Criminals in for a shock as police go for Tasers
HIGH-VOLTAGE Taser stun guns are to be used on criminals in Edinburgh from early next year.
Chief Constable Paddy Tomkins has ordered 30 of the controversial weapons, which leave victims temporarily paralysed from a high-voltage electric shock, and aims to have them in use by January.
But the move was criticised today by a human rights group and politicians who say the stun guns are dangerous and can kill. Specialist firearms officers will be trained to use the Tasers in December and will be expected to be ready to use them at the turn of the year. The move follows a pilot programme with police forces in England and Wales.
Lothian and Borders Police will become the third of Scotland's eight forces to be armed with the Tasers.
Strathclyde stocked its armoury in September, and officers in Tayside are currently being trained to use them. The remaining Scottish forces are expected to follow suit before the end of 2006.
Tasers were authorised for use by firearms officers in the UK in March and are distributed here by Protech Systems.
The weapons deliver a 50,000-volt electric current, which attacks the recipient's nervous system, disabling them for several minutes. Despite safety fears, police are touting Tasers as an "extra option" to guns for firearms officers in dangerous situations.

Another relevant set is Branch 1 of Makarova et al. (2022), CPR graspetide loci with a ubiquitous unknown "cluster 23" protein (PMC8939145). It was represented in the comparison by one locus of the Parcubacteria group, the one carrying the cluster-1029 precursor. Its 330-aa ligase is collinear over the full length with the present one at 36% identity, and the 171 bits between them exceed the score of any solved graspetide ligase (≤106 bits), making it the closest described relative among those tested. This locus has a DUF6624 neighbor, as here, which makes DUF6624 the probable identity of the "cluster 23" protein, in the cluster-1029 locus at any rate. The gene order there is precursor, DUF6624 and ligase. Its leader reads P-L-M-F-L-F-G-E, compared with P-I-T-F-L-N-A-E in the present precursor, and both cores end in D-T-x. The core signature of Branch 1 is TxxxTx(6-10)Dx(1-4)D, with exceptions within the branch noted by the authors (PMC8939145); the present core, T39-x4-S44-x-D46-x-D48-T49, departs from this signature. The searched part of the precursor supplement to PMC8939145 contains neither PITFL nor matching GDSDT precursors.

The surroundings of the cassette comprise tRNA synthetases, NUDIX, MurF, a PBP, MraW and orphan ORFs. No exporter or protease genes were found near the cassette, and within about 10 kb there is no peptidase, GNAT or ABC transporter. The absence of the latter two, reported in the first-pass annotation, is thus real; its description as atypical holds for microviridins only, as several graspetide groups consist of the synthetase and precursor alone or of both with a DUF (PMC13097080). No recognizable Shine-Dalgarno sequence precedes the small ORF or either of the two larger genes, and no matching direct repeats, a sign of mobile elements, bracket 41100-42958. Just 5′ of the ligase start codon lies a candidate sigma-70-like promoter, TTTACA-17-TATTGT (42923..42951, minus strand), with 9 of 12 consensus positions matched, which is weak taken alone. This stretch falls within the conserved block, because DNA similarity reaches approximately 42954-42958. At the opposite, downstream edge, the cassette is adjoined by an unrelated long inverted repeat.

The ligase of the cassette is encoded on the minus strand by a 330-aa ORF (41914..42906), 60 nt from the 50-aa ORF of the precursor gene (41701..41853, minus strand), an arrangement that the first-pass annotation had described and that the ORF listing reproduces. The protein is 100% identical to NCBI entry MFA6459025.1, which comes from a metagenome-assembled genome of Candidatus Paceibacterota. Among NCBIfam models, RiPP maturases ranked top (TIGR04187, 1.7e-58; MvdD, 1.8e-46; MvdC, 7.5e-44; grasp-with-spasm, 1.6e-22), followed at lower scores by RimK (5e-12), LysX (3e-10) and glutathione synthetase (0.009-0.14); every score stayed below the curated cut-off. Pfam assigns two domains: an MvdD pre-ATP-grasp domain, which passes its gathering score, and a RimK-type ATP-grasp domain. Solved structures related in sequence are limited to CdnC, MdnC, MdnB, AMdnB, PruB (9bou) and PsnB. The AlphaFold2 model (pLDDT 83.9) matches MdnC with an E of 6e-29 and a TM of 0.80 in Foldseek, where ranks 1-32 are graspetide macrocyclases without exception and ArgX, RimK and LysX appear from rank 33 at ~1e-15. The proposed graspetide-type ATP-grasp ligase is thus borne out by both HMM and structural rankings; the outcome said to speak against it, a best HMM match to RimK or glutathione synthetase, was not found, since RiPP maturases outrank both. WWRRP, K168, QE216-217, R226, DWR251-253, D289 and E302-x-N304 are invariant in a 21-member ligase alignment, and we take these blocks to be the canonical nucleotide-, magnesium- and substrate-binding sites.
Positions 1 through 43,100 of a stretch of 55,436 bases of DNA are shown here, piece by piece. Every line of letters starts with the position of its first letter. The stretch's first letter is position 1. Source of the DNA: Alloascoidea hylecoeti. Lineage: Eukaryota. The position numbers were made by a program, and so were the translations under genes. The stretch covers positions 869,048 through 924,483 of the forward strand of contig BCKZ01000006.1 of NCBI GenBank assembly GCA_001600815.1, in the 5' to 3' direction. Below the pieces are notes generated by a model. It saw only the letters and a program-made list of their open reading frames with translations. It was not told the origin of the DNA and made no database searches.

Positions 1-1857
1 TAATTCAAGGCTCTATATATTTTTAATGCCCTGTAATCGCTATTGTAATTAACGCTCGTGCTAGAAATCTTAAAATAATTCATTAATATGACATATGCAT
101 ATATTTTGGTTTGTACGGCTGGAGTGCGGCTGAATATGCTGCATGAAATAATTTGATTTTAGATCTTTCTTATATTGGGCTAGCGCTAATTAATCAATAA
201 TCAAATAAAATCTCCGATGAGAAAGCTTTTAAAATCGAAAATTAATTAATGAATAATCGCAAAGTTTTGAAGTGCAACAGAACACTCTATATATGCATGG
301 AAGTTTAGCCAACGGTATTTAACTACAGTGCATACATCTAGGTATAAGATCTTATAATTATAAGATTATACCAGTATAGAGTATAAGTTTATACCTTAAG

They say that Tasers would only be issued to specially-trained firearms officers and authorisation for their issue and use would be in accordance with guidance contained in a police manual.
But Councillor Shami Khan, a police board member, said he opposed the use of Tasers.
He said: "There have been people killed in the United States. They would be better spending money on getting more officers on to the streets, rather than equipping those that are with even more technology."
Michelle Lowe, of Amnesty International, called for more research to be done into the effects of being shocked by the weapons. She said: "Without adequate medical research they shouldn't be rolling them out in the UK.
"Our concern is that they would be used only by trained firearms officers initially, but then they might be used more widely.
"In the US they have killed people and 50,000 volts of electricity causes extreme pain and they are open to abuse."
Stewart Wilson, a spokesman for the Association of Chief Police Officers in Scotland, said the use of Tasers would save lives.
He said: "Only special firearms teams will use them. Whereas previously a person could have been shot dead, now they will only be stunned."
Mr Wilson added that Tasers would not be used to deal with riots. The Police Board was briefed about the plans at a meeting on Friday.
Councillor Marilyne MacLaren, who sits on the board, said: "I was concerned but I'm reassured that there will be a strict protocol for their use."
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Weather for Edinburgh
Saturday 18 May 2013
Temperature: 9 C to 13 C
Wind Speed: 18 mph
Wind direction: North east
Temperature: 9 C to 18 C
Wind Speed: 8 mph
Wind direction: North east